Population fragmentation drives up genetic diversity in signals of individual identity



Many species advertise their unique identity to conspecifics using dedicated individuality signals: one familiar example is human faces. But how unique in the global population do these signals need to be? While human faces are highly variable, each person interacts with many fewer individuals than are found in the total population. This raises the question of how evolutionary mechanisms drive up population-wide diversity when selection occurs at such a local level. We use an individual-based model in which individuals broadcast their identity and quality in separate, genetically-coded signals. Mimicking, for example, scent marking mammal species, females in the model assess males using the quality signal, then attempt to relocate the highest quality male using his identity signal. We ask how population fragmentation affects genetic diversity in the individual identity-signalling region under sexual selection, predicting one of two opposing outcomes: (1) divided populations evolve fewer signal variants globally, since repetition of signals is not costly when individuals interact only with local conspecifics, or (2) stochasticity in mutation and selection cause divergence among subpopulations, increasing the global number of signal variants. We show that local selection drives up global genetic diversity substantially in fragmented populations, even with extremely low rates of dispersal. Because new signal variants arise by mutation and then sweep through their subpopulation, a fragmented population has more global signal variation. This result furthers our understanding of how high levels of diversity in individuality signals are maintained.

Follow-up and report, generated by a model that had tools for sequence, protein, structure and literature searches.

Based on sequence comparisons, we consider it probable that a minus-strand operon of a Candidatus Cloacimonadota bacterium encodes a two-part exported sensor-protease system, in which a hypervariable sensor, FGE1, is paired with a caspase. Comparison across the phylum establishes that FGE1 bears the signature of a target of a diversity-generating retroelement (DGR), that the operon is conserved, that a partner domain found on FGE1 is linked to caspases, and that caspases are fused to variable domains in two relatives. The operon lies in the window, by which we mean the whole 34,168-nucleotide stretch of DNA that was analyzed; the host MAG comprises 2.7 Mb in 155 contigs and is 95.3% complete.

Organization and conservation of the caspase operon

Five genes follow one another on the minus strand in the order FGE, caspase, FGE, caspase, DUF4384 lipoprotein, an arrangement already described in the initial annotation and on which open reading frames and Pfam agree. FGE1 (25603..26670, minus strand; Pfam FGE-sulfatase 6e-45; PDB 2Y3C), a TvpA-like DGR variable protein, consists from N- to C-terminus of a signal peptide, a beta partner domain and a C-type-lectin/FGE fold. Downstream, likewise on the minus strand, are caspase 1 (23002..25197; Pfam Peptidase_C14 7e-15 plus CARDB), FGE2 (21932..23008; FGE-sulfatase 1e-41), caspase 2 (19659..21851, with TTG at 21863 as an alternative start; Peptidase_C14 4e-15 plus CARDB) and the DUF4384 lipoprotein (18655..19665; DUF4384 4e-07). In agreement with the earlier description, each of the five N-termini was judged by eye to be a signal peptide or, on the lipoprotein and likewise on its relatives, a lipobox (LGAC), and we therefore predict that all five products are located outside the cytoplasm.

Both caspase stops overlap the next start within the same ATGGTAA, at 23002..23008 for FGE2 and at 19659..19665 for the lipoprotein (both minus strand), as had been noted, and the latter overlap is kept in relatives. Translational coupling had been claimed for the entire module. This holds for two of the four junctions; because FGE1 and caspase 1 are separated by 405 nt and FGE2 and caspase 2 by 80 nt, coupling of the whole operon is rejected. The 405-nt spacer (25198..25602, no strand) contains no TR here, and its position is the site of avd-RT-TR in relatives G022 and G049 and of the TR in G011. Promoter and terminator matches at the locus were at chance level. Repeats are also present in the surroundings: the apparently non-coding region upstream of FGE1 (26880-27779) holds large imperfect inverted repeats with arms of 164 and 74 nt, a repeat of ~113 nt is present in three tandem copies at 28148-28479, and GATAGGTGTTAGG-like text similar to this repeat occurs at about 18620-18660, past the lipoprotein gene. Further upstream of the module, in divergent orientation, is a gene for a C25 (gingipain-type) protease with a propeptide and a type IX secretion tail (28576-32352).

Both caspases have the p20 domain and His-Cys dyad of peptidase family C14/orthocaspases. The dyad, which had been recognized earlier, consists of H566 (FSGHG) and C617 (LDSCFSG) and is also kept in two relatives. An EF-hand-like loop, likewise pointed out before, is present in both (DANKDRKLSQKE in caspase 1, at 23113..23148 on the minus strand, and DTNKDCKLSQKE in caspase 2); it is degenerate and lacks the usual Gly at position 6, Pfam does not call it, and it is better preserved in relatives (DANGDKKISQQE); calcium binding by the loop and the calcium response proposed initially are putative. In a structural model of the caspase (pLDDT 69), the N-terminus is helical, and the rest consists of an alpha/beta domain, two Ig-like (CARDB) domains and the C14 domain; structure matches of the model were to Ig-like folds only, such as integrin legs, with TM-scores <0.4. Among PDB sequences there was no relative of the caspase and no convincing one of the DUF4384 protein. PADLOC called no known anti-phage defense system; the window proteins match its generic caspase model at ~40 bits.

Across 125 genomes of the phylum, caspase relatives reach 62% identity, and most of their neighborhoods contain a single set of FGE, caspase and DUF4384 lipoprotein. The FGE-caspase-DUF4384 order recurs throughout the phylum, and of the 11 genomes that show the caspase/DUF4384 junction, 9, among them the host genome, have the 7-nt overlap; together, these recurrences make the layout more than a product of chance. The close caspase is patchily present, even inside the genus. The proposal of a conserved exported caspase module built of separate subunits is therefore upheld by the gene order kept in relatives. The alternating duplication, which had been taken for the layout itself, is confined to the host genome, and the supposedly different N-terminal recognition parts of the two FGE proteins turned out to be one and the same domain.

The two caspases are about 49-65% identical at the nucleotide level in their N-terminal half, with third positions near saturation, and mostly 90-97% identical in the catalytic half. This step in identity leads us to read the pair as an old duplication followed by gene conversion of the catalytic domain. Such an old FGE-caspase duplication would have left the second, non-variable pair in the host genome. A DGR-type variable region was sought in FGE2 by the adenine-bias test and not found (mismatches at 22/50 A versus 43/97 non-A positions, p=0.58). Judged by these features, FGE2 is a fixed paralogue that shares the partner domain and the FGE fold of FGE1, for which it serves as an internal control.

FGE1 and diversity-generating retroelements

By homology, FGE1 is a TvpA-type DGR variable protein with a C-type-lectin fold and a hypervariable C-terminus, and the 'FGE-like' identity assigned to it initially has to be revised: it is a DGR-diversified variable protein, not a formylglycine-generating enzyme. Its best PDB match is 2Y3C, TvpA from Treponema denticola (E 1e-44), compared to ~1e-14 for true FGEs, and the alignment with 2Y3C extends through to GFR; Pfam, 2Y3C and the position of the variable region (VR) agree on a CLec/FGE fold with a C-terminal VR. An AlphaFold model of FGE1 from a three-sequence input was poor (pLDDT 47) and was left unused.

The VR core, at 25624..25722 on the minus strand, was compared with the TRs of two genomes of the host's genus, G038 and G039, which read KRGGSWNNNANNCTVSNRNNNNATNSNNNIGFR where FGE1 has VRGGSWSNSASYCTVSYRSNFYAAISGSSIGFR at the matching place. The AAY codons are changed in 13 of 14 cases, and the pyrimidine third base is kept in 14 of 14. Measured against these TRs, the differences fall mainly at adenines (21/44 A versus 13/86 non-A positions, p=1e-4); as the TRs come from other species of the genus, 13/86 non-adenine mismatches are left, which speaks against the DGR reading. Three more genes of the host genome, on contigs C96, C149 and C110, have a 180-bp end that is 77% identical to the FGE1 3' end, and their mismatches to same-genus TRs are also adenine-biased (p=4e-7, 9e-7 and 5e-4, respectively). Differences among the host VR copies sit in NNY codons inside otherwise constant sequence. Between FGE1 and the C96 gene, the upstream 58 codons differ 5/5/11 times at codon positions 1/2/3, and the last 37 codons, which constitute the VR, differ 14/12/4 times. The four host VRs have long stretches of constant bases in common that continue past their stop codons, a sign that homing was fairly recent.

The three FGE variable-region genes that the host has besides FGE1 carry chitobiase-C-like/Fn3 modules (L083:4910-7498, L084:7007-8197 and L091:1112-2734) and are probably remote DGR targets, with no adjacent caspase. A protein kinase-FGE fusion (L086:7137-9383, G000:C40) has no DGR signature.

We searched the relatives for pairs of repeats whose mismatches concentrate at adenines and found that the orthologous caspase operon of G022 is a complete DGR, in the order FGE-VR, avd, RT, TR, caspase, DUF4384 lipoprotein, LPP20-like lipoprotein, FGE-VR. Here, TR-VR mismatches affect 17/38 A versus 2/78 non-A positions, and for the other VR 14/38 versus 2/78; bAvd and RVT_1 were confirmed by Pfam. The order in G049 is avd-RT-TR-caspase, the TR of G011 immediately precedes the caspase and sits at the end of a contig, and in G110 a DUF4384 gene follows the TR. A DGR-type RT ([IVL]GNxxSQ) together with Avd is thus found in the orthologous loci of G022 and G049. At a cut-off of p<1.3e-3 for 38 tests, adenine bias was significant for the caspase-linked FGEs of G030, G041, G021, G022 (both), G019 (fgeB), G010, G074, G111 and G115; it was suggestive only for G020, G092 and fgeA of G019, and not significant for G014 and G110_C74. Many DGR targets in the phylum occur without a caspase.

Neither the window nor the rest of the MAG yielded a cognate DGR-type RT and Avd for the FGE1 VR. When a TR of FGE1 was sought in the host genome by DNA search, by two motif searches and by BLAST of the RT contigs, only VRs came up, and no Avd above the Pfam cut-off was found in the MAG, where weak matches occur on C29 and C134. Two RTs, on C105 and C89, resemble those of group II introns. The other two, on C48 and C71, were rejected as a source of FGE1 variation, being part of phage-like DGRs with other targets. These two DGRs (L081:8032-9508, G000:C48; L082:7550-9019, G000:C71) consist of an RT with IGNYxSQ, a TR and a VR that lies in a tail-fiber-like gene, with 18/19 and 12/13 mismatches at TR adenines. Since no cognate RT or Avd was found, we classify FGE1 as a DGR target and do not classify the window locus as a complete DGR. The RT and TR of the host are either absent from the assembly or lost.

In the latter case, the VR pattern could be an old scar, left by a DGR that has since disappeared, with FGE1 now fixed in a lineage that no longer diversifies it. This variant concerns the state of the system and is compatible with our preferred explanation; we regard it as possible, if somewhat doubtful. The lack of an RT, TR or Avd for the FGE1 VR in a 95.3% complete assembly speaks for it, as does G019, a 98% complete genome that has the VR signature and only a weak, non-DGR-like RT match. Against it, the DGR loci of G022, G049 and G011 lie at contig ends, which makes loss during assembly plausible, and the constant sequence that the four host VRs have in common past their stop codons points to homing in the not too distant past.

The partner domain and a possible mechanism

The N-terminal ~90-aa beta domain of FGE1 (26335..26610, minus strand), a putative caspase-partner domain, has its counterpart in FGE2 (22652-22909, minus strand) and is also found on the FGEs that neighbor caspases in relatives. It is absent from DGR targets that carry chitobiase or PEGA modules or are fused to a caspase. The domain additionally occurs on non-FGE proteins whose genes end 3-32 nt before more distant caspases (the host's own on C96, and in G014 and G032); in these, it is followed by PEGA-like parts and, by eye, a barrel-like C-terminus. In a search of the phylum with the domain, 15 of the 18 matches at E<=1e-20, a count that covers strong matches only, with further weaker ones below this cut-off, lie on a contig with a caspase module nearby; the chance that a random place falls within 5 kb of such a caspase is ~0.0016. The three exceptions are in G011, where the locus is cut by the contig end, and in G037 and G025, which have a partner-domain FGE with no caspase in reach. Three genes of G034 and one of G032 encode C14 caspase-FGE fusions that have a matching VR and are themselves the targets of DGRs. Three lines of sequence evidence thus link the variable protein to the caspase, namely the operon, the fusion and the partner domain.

External deposit with Dryad.
Date made available14 Dec 2019

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